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19.10 Nucleophilic Addition of Alcohols: Acetal Formation

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  • Page ID
    90973
  • Objectives

    After completing this section, you should be able to

    1. write an equation to illustrate the formation of acetals.
    2. identify the acetal formed from the reaction of a given aldehyde or ketone with a given alcohol.
    3. identify the carbonyl compound, the alcohol, or both, needed to form a given acetal.
    4. write a detailed mechanism for the reaction which occurs between an aldehyde or a ketone and an alcohol.
    5. explain how an acid catalyst makes aldehydes and ketones more susceptible to attack by alcohols.
    6. illustrate how the reversibility of the reaction between an aldehyde or a ketone and an alcohol can be used to protect a carbonyl group during an organic synthesis.

    Key Terms

    Make certain that you can define, and use in context, the key terms below.

    • acetal
    • hemiacetal

    Study Notes

    This section presents a second example of the use of a protecting group. [The first was in the discussion of alcohols, Section 17.8.] Because of the reactivity of hydroxy groups and carbonyl groups, we often need to protect such groups during organic syntheses. When you are designing multi‑step syntheses as part of an assignment or examination question, you must always keep in mind the possibility that you may need to protect such groups to carry out the desired sequence of reactions successfully.

    In this organic chemistry topic, we shall see how alcohols (R-OH) add to carbonyl groups. Carbonyl groups are characterized by a carbon-oxygen double bond. The two main functional groups that consist of this carbon-oxygen double bond are Aldehydes and Ketones.

    Introduction

    It has been demonstrated that water adds rapidly to the carbonyl function of aldehydes and ketones to form geminal-diol. In a similar reaction alcohols add reversibly to aldehydes and ketones to form hemiacetals (hemi, Greek, half). This reaction can continue by adding another alcohol to form an acetal. Hemiacetals and acetals are important functional groups because they appear in sugars.

    To achieve effective hemiacetal or acetal formation, two additional features must be implemented. First, an acid catalyst must be used because alcohol is a weak nucleophile; and second, the water produced with the acetal must be removed from the reaction by a process such as a molecular sieves or a Dean-Stark trap. The latter is important, since acetal formation is reversible. Indeed, once pure hemiacetal or acetals are obtained they may be hydrolyzed back to their starting components by treatment with aqueous acid and an excess of water.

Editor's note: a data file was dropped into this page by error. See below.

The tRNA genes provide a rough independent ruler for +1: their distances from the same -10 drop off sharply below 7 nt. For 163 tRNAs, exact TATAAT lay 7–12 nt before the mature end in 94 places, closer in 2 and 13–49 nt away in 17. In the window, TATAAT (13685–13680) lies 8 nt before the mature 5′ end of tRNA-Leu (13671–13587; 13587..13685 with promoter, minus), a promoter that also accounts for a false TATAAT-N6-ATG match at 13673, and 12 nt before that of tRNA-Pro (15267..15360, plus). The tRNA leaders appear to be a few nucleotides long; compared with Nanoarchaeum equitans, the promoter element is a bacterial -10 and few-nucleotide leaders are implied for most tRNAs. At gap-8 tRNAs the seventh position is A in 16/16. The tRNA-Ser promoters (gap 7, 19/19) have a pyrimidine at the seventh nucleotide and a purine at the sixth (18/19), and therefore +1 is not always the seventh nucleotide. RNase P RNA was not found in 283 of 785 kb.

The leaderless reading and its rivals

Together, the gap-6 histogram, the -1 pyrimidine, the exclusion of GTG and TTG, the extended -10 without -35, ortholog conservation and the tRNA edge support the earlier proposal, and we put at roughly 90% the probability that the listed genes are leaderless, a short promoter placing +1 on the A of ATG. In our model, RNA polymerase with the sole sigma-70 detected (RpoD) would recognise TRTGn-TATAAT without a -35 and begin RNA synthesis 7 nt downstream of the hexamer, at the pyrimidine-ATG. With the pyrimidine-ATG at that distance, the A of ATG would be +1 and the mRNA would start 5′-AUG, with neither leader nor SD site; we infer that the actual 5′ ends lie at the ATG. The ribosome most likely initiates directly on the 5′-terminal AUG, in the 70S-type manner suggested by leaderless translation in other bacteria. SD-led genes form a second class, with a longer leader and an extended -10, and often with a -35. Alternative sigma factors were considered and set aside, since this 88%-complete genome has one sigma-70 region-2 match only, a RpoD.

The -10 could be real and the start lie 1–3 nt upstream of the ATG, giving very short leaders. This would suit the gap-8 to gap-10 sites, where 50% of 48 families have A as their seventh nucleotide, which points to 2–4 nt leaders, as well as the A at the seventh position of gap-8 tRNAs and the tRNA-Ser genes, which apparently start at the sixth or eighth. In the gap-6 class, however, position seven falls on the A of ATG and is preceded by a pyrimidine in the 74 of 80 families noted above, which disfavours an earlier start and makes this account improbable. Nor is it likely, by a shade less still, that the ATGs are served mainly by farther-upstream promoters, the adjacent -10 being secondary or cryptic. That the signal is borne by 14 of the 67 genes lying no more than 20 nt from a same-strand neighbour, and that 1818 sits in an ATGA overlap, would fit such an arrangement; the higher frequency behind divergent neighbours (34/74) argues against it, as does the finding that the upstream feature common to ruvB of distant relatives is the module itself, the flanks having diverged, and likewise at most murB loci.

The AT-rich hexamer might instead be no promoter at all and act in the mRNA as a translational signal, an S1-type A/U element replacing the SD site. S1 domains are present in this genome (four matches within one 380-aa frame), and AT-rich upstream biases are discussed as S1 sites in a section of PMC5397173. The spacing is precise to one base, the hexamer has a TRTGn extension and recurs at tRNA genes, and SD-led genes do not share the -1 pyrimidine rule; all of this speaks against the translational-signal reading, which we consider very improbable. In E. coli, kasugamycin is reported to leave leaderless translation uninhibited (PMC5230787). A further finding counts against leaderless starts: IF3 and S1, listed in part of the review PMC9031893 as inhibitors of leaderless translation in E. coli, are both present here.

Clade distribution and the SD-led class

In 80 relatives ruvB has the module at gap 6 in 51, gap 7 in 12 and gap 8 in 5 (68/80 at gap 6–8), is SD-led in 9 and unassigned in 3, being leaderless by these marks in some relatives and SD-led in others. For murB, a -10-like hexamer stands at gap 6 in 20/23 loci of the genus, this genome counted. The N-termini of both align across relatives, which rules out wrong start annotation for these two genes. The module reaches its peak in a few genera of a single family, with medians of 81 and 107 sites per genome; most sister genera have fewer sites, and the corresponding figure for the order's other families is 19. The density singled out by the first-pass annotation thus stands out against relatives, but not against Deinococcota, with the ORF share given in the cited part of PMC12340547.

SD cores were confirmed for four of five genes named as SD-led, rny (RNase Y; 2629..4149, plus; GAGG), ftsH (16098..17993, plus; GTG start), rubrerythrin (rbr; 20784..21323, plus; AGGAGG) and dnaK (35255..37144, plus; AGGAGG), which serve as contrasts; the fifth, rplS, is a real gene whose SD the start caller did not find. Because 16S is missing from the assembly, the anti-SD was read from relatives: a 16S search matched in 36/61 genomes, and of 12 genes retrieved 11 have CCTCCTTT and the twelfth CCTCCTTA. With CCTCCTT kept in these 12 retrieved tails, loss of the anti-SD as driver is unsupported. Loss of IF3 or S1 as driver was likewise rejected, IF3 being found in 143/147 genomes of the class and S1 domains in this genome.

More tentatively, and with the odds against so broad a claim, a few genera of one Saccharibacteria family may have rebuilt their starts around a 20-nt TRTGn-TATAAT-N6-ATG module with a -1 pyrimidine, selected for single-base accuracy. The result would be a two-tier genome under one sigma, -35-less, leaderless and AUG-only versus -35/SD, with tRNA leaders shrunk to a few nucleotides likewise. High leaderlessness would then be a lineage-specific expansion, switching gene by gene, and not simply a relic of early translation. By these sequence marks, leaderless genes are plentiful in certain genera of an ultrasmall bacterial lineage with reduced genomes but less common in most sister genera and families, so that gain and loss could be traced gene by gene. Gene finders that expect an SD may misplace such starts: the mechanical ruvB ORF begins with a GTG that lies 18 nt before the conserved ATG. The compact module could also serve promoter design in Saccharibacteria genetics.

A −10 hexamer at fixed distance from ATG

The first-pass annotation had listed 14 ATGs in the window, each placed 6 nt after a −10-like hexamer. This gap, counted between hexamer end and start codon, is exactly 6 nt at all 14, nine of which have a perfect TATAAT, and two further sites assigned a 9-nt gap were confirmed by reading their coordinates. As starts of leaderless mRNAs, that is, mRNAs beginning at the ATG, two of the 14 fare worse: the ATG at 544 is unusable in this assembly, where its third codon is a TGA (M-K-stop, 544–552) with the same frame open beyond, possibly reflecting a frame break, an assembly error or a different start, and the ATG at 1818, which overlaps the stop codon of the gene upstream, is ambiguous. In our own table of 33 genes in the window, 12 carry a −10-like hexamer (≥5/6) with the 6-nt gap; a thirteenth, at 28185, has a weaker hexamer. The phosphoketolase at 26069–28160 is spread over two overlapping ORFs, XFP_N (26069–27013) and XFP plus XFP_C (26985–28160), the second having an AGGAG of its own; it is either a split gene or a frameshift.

Formation of Hemiacetals

     

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    Example 19.10.1: Formation of Hemiacetals

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    Example 19.10.2: Hemiacetal Reversibility

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    Formation of Acetals

    Acetals are geminal-diether derivatives of aldehydes or ketones, formed by reaction with two equivalents (or an excess amount) of an alcohol and elimination of water. Ketone derivatives of this kind were once called ketals, but modern usage has dropped that term. It is important to note that a hemiacetal is formed as an intermediate during the formation of an acetal.

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    Example 19.10.3: Formation of Acetals

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    Example 19.10.4: Acetal Reversibility

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    Mechanism for Hemiacetal and Acetal Formation

    The mechanism shown here applies to both acetal and hemiacetal formation

    1) Protonation of the carbonyl

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    2) Nucleophilic attack by the alcohol

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    3) Deprotonation to form a hemiacetal

    4) Protonation of the alcohol

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    5)  Removal of water

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    6) Nucleophilic attack by the alcohol

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    7) Deprotonation by water

    Acetals as Protecting Groups

    The importance of acetals as carbonyl derivatives lies chiefly in their stability and lack of reactivity in neutral to strongly basic environments. As long as they are not treated by acids, especially aqueous acid, acetals exhibit all the lack of reactivity associated with ethers in general. Among the most useful and characteristic reactions of aldehydes and ketones is their reactivity toward strongly nucleophilic (and basic) metallo-hydride, alkyl and aryl reagents. If the carbonyl functional group is converted to an acetal these powerful reagents have no effect; thus, acetals are excellent protective groups, when these irreversible addition reactions must be prevented.

    In the following example we would like a Grignard reagent to react with the ester and not the ketone.  This cannot be done without a protecting group because Grignard reagents react with esters and ketones. 

     

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